Now, by applying the Favard theorem [19] for the monic type of polynomials (11), we get
$∫ − ∞ ∞ w ( u , v ) ( x ; q ) J ¯ m ( u , v ) ( x ; q ) J ¯ n ( u , v ) ( x ; q ) d q x = μ 0 ∏ k = 1 n d k ( u , v ; q ) δ n , m ,$
where
$μ 0 = ∫ − ∞ ∞ ( i q ( u − i v ) / 2 x , − i q ( u + i v ) / 2 x ; q ) ∞ ( i q ( − u + i v ) / 2 x , − i q ( − u − i v ) / 2 x ; q ) ∞ d q x .$
Hence, it remains to explicitly compute the above $μ 0$. For this purpose, we can refer to the general formula ([13] Formula 128)
$∫ z − q Z ∪ z + q Z ( a x , b x ; q ) ∞ ( c x , d x ; q ) ∞ d q x = ( q , a / c , a / d , b / c , b / d ; q ) ∞ ( a b / ( q c d ) ; q ) ∞ θ ( z − / z + ; q ) θ ( c d z − z + ; q ) θ ( c z − ; q ) θ ( d z − ; q ) θ ( c z + ; q ) θ ( d z + ; q ) ,$
in which
$θ ( x ; q ) = ( x , q / x ; q ) ∞ .$
Therefore, it is enough to replace $z − = − 1 , z + = 1$ in (27) to finally obtain
$μ 0 = ( q , q u − i v , − q u , − q u , q u + i v ; q ) ∞ ( q 2 u − 1 ; q ) ∞ × ( − 1 , − q , − q u , − q u + 1 ; q ) ∞ ( − i q − u + i v 2 , i q − u + i v 2 , − i q − u − i v 2 , i q − u − i v 2 , − i q 1 − − u + i v 2 , i q 1 − − u + i v 2 , − i q 1 − − u − i v 2 , i q 1 − − u − i v 2 ; q ) ∞ .$
For example, the set ${ J n ( 21 , 1 ) ( x ; q ) } n = 0 20$ is a finite sequence of q-orthogonal polynomials that satisfies the orthogonality relation
$∫ − ∞ ∞ ( i q ( 21 − i ) / 2 x , − i q ( 21 + i ) / 2 x ; q ) ∞ ( i q − ( 21 − i ) / 2 x , − i q − ( 21 + i ) / 2 x ; q ) ∞ J ¯ m ( 21 , 1 ) ( x ; q ) J ¯ n ( 21 , 1 ) ( x ; q ) d q x = ( q , q 21 − i , − q 21 , − q 21 , q 21 + i , − 1 , − q , − q 21 , − q 22 ; q ) ∞ ( q 41 , − i q − 21 + i 2 , i q − 21 + i 2 , − i q − 21 − i 2 , i q − 21 − i 2 , − i q 23 − i 2 , i q 23 − i 2 , − i q 23 + i 2 , i q 23 + i 2 ; q ) ∞ ∏ k = 1 n d k ( 21 , 1 ; q ) δ m , n ⟺ m , n < 20 ,$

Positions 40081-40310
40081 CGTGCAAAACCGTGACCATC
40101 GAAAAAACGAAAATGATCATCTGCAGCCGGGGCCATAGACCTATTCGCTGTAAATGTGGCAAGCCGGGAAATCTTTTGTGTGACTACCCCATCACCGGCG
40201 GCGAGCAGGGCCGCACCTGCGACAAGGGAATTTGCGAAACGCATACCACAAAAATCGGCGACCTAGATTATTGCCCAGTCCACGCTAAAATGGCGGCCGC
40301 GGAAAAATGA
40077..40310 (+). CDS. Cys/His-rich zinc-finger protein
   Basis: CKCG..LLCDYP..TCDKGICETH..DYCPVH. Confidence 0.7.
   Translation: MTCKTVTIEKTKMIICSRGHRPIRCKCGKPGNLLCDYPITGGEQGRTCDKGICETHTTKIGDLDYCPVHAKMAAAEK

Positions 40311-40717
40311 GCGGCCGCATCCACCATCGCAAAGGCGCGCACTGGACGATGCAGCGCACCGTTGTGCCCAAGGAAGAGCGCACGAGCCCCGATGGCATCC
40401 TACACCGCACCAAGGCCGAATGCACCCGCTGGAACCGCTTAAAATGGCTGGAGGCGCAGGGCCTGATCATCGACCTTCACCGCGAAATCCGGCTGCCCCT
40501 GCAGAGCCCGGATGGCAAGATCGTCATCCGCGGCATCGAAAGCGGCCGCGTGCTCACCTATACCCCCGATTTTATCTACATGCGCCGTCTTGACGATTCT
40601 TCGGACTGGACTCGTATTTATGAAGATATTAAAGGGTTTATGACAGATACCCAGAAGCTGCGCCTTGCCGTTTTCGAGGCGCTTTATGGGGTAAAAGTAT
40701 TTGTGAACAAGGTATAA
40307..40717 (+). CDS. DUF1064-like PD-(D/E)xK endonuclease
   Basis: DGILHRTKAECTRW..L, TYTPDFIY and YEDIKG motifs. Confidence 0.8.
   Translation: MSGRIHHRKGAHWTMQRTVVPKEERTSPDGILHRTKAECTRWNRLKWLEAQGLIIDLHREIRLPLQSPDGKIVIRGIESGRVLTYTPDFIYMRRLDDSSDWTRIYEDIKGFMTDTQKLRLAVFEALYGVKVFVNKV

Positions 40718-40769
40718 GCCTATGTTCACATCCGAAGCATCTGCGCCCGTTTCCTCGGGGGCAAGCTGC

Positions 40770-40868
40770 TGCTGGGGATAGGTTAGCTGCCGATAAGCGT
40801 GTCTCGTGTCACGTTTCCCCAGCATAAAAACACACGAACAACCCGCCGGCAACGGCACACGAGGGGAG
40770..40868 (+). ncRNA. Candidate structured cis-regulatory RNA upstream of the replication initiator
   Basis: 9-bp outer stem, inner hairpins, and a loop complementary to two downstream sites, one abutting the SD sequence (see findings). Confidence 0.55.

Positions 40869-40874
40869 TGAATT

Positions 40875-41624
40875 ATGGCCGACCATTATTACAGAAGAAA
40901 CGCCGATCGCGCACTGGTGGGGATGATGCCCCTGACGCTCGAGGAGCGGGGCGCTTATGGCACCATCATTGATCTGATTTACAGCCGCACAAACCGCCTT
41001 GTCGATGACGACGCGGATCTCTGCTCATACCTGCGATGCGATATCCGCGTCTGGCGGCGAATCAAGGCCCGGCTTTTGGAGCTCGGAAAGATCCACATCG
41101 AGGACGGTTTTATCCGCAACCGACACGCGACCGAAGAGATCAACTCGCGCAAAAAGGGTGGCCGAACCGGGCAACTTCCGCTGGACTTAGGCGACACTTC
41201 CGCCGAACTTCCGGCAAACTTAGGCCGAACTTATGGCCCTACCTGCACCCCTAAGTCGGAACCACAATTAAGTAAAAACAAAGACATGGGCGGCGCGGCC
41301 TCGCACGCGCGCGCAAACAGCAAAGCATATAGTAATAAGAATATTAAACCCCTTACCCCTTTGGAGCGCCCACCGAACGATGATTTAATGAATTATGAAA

where
$d k ( 21 , 1 ; q ) = ( q k + 1 − q 2 k + 1 ) ( q 21 − q k − 21 ) ( 1 − q ) 2 ( q 21 − q 2 k − 22 ) ( q 21 − q 2 k − 21 ) 2 ( q 21 − q 2 k − 20 ) × { 4 sin 2 ( 1 2 ln q ) q k − 23 / 2 ( 1 − q ) 1 + q − q 2 + q 21 − q 22 − q k − 1 1 − q k − 20 ( 1 + q − q 2 ) − q k + 1 ( 1 − q ) − ( q 4 k − 42 + 2 q 2 k + q 42 ) } .$

## Author Contributions

Investigation, M.M.-J. and F.S.; validation, M.M.-J., N.S., W.K. and F.S.; conceptualization, M.M.-J. and F.S.; methodology, M.M.-J., N.S., W.K. and F.S.; formal analysis, M.M.-J., N.S., W.K. and F.S.; funding acquisition, W.K; writing—review and editing, M.M.-J., N.S., W.K. and F.S.; writing—original draft preparation, M.M.-J. and F.S. The authors contributed equally to the work. All authors have read and agreed to the published version of the manuscript.

## Funding

The work of the first author has been supported by the Alexander von Humboldt Foundation under the grant number: Ref 3.4—IRN—1128637—GF-E. Partial financial support of this work, under Grant No. GP249507 from the Natural Sciences and Engineering Research Council of Canada, is gratefully acknowledged by the second author.

## Acknowledgments

The authors would like to thank the anonymous reviewers for their valuable comments and suggestions for improving the quality of the paper.

## Conflicts of Interest

The authors declare that they have no competing interests.

## References

1. Szegö, G. Orthogonal Polynomials, 4th ed.; Colloquium Publications. XXIII; American Mathematical Society: Providence, RI, USA, 1939. [Google Scholar]
2. Gasper, G.; Rahman, M. Basic Hypergeometric Series, 2nd ed.; Volume 96 of Encyclopedia of Mathematics and Its Applications; Cambridge University Press: Cambridge, UK, 2004. [Google Scholar]
3. Koekoek, R.; Lesky, P.A.; Swarttouw, R.F. Hypergeometric Orthogonal Polynomials and Their q-Analogues; Springer Monographs in Mathematics; Springer: Berlin/Heidelberg, Germany, 2010. [Google Scholar]